- The Observer ran a long, in-depth piece by Dorian Lynskey about Beatlemania specifically, but also how female music fandoms have ever been thus. The term ‘mania’ was “first applied to fandom in 1844 when German poet and essayist Heinrich Heine coined the word Lisztomania to describe the ‘true madness, unheard of in the annals of furore’ that broke out at concerts by the piano virtuoso Franz Liszt. The word had medical resonances and Heine considered various possible causes of the uproar, from the biological to the political, before deciding, prosaically, that it was probably just down to Liszt’s exceptional talent, charisma and showmanship.”
- Meanwhile author Kameron Hurley complains about the media’s erasure of women in My Little Pony fandom. “Here was this fandom that I had to keep hidden for much of my life, because it was ‘too girly.’ Because talking about it made me feminine, and therefore weak, and I didn’t want to be like any of ‘those’ girls. Every time I brought it up, dudes made these assumptions about me. They teased me mercilessly…But I carried on, because dammit, pretty rainbow horses made me happy…What I didn’t expect was that this marginalized fandom with tiny cons that drew maybe a few hundred people a year was suddenly going to be legitimized now because now *men* said that they watched the show and collected the ponies.”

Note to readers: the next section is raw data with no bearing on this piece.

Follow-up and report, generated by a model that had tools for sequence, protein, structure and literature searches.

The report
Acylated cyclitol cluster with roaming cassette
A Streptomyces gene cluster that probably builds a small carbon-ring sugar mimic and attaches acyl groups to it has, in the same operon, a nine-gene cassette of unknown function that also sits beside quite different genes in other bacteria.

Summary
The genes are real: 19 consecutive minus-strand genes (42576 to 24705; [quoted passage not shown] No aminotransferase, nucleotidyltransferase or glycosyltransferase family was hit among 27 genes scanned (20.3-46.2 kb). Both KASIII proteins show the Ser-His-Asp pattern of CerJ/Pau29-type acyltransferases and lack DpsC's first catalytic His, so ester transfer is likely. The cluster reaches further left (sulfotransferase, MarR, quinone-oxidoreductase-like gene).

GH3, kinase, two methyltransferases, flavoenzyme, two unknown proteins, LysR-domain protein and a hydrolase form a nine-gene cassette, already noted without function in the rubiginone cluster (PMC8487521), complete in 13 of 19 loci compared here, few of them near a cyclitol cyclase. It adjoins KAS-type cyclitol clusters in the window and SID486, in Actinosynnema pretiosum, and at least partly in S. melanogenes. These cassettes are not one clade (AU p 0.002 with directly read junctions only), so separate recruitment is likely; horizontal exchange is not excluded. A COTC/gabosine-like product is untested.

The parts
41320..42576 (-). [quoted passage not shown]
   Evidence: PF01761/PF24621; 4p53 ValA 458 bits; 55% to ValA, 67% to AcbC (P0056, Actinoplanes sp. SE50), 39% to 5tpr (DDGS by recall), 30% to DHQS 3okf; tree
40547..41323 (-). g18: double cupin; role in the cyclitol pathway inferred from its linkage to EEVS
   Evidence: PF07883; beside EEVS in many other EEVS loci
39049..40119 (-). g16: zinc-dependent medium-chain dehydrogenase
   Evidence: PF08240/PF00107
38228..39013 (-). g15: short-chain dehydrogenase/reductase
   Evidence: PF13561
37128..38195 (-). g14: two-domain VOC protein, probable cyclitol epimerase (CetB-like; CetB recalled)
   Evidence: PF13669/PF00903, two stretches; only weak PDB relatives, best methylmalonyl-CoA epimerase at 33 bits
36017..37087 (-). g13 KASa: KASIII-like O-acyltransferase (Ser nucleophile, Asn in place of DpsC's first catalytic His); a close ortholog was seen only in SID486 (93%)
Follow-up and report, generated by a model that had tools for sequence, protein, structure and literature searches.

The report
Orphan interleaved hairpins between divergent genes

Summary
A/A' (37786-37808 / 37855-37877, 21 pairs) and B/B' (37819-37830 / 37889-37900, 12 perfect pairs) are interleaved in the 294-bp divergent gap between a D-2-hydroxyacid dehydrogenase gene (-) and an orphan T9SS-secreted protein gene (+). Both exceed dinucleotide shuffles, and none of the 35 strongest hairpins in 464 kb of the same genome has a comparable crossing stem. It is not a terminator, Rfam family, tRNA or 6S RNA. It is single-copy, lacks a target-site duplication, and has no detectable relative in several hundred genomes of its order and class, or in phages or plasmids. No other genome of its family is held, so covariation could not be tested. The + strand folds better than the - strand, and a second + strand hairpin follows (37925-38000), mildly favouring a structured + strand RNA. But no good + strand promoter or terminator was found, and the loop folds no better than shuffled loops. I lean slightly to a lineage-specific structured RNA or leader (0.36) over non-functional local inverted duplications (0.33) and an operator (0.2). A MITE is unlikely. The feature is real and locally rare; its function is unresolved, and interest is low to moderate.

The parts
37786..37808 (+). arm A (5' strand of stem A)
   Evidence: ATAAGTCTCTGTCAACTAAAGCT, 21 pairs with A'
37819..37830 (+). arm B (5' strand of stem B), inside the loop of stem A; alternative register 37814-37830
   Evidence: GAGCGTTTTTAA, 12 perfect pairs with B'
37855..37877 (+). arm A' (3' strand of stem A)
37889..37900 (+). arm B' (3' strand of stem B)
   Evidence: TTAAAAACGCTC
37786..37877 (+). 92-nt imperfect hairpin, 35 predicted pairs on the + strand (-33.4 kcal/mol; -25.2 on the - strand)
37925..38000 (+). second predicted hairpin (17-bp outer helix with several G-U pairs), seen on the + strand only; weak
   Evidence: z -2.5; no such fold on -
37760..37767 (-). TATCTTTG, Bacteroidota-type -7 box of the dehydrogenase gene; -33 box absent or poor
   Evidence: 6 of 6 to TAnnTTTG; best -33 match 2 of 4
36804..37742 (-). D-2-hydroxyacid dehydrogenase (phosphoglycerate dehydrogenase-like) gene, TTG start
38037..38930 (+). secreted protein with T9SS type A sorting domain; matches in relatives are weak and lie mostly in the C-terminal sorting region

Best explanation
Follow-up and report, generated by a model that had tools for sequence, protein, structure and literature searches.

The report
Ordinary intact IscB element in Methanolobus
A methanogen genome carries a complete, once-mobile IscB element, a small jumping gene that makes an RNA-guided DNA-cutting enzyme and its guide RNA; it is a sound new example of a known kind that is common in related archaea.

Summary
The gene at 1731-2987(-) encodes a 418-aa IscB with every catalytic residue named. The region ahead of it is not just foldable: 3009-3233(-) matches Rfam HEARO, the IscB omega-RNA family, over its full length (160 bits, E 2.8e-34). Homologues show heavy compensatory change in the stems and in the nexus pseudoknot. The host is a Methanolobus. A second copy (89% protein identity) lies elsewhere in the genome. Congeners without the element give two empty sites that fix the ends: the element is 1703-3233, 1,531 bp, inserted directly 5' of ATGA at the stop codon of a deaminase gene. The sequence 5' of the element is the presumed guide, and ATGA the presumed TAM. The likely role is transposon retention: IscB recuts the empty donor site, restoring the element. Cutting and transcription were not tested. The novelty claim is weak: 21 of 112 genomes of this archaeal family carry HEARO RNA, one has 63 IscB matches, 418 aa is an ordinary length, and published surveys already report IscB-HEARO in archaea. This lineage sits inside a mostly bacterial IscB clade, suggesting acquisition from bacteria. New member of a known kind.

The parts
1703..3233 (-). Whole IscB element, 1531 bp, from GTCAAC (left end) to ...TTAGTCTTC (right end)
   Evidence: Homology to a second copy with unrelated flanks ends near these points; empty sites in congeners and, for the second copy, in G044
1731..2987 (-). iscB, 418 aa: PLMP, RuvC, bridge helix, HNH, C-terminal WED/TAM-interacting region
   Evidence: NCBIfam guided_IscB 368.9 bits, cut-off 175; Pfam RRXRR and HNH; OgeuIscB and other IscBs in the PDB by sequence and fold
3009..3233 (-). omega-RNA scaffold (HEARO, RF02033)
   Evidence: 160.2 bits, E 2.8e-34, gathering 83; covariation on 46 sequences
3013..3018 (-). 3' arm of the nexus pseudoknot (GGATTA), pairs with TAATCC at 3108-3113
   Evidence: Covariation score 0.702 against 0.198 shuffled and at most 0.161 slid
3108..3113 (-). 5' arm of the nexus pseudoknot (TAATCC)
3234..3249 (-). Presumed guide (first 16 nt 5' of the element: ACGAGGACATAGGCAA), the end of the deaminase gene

- The Atlantic Wire cites a visible woman, Kelly Sue DeConnick, and how she’s affecting women in comics. “‘Having Kelly Sue be such an outspoken, unapologetic feminist is so wonderful. Those are the voices we need in industries like that so, like she said, our daughters (and our gay sons and our trans kids and any of our kids if we’re not white) don’t have to,’ writer Sam Einhorn told me. Einhorn blogs about feminism and the comics industry…’I’m glad Marvel not only has a voice saying ‘we can do better’ and ‘our work isn’t done’ (and also occasionally ‘shut up dude’) but that they keep her around and give her books to write.'”
- The Oppidan Press featured PhD student Megan van der Nest’s presentation Fandom, Personhood and New Imaginaries “on how fanfiction is used to challenge stereotypes in society.” First citing the philosophical theories underpinning her work, the article continues “According to van der Nest, fanfiction provides examples of what relationships under different social norms would be like. ‘Fandom is all about alternatives,’ she said. ‘It is common in fandom to explore the forms that relationships might take in a society where they are not constrained by heteronormative expectations.'”
What work have you seen done focused on female fandoms? Write about it on Fanlore! Contributions are welcome from all fans.
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